Isabel Dziobek’s interests and works lie in the field of social cognitive and affective neuroscience of mental disorders and targeted technological diagnostics and interventions. She has been focusing among others on social interaction, emotion processing, and empathy in healthy individuals and clinical populations involving social dysfunction such as autism and borderline personality disorder. As an experimental psychologist and psychotherapist (CBT) she is interested in both, understanding the mechanisms of (dis)order in social information processing and in the development and validation of treatment options for those with respective impairments. The methods that she and her team use encompass structural and functional MRI, EEG, eye tracking, and peripheral physiology measures such as skin conductance and heart rate assessments.
Prof. Dziobek got her diploma in Psychology from Ruhr-Universität Bochum and her diploma thesis focussed on the effects of MDMA on cognition. She continued to do a Ph.D. in cognitive neuroscience at the New York University School of Medicine from 2001-2005, followed by a postdoctoral fellowship at the Max Planck Institute for Human Development in Berlin. From 2009-2014 she headed the junior research group “Understanding Interaffectivity” at Freie Universität Berlin, followed by an associate professorship for Social Cognition in 2014 at the Berlin School of Mind and Brain at Humboldt-Universität zu Berlin. Since 2018 she is full professor of Clinical Psychology of Social Interaction at the Institute of Psychology at HU Berlin.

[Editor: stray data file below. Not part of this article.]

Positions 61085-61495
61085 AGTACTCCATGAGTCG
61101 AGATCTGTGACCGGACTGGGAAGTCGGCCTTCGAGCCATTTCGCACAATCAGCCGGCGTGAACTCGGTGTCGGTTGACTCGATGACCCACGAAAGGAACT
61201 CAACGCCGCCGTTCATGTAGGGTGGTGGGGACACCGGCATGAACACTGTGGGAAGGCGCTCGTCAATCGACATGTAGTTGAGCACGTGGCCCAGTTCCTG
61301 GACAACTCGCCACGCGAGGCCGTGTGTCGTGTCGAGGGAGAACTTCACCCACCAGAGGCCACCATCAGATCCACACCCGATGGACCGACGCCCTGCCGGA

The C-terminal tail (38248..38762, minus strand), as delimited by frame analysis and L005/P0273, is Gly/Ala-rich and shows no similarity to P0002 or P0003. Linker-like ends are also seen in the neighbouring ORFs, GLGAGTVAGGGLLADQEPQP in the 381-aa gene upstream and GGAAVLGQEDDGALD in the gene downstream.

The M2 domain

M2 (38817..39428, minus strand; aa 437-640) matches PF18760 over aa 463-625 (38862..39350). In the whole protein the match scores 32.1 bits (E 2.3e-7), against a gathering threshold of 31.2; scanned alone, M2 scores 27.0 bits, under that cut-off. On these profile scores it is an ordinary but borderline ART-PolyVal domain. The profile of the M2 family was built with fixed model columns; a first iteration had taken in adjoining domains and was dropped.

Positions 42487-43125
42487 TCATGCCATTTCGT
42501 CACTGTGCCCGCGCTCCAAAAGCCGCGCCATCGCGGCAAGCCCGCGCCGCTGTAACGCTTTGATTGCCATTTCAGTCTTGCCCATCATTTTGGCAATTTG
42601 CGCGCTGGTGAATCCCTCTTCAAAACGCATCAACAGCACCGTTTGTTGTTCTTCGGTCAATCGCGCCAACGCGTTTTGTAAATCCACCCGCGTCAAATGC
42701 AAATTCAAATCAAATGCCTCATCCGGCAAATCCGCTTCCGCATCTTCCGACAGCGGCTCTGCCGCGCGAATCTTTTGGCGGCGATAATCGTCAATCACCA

Prof. Dziobek has published more than 140 scientific papers in peer-reviewed journals and has co-authored several works on the socio-emotional effects of psychedelics and entactogenics. She has conducted numerous multicenter third-party funded studies and received several awards for her work, among others the Charlotte and Karl-Bühler Price of the German Society for Psychology in 2014.